While I was selling my house, a real estate agent friend gave me some very wise advice. He said, “In the current market, having someone want to buy your house is an amazing thing. Don’t underestimate it.”
He’s right. It really is a buyer’s market, so sellers will have to be flexible.
When selling your house yourself, negotiating over price is as simple as sitting down and having a conversation. The buyer tells you the price they want to pay, and you counter with your preferred price.
Don’t be at all surprised if a potential buyer offers A LOT less than your asking price. The expectation out there is that the asking price is only a starting point. This is why it is so important that you’ve decided beforehand on the lowest price you will accept, and that you have a current valuation so that you can, if necessary, prove to the buyer that your price is reasonable.
So what to do if you have an extremely low offer? It’s up to each individual seller to balance their reasons for selling against the money they might possibly gain if they held out for a buyer prepared to offer more. By holding out for another buyer you might gain tens of thousands, but by letting a firm buyer go, you risk not selling the house at all. Your decision will depend on your individual situation.
Personally, when faced with a low offer, I decided that I would accept it, because it was the amount I would have got if I’d sold the house for the asking price using an agent, and had to pay the commission. When I factored that in I felt a lot better, and happily sold the house.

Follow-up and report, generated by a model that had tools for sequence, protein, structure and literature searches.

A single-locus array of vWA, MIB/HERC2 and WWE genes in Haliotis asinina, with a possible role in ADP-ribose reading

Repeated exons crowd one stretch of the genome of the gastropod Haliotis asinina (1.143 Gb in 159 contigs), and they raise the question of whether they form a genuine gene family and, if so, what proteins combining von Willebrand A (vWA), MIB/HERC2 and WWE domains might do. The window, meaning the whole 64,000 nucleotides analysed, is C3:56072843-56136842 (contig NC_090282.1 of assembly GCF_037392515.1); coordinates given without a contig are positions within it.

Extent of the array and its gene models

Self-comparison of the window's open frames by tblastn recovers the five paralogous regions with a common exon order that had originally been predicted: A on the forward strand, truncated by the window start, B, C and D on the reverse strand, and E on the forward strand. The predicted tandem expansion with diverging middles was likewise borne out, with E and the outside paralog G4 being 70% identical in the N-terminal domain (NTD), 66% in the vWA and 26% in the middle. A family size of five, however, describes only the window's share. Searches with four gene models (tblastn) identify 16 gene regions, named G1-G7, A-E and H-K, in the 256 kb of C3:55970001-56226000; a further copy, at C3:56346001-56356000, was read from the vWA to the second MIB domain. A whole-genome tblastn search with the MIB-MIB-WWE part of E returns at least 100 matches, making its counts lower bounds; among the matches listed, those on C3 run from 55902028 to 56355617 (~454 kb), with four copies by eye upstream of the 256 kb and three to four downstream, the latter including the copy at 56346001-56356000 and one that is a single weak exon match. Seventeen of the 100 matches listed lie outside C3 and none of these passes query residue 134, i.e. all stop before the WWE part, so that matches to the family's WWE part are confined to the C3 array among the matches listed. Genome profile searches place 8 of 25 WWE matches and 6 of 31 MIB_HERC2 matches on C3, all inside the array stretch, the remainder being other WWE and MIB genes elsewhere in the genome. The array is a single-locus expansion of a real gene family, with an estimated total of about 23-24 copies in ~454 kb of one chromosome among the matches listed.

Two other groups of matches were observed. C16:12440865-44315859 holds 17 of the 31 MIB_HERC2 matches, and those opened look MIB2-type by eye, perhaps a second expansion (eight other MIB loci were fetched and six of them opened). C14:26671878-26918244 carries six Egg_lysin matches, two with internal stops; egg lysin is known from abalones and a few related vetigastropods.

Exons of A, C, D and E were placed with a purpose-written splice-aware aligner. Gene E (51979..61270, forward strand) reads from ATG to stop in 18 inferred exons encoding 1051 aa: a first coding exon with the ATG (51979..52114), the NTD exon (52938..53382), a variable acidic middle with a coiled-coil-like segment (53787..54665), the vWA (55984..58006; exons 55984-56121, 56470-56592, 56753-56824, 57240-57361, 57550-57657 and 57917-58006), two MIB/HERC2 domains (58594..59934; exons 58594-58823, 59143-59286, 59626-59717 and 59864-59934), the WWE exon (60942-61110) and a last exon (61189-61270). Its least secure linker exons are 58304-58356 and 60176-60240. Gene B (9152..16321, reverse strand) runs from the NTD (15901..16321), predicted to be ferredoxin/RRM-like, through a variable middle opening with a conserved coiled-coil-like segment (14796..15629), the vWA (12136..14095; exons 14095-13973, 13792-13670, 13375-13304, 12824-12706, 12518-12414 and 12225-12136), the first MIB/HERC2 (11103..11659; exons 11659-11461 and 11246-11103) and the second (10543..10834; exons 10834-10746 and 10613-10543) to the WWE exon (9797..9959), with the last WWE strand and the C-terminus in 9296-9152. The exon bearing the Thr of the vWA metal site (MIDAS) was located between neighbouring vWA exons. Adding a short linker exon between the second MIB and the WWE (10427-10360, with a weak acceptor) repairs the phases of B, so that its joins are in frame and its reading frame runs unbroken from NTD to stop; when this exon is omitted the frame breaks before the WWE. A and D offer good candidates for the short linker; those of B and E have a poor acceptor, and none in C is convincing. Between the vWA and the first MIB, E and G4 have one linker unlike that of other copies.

But it’s not just price that you need to negotiate, it’s also the conditions of sale. A great price can be downgraded by difficult conditions, and likewise, a low number can be made much more attractive by easy conditions or an unconditional buyer (the best kind!).
If there is a condition that puts real pressure on you – for example, the buyer wants the keys in two weeks – you could then renegotiate the price to take into account the fact that you’ll need to find somewhere to live quickly. If they won’t budge on price, you can renegotiate a larger deposit. Then, if the sale falls through and you’ve uprooted your life to get out of the house in two weeks, at least you’ve got the deposit as a consolation. It goes without saying that you should always try to get the largest deposit possible.
When you have reached a number you’re happy with, the buyer should enter their price and conditions on the Sale and Purchase agreement. Never sign this on the spot in front of the buyer. Conditions need to be properly worded and should always be checked with your lawyer. Fax the sale and purchase agreement to your lawyer as soon as you can, and once when they have given you the go ahead, sign it.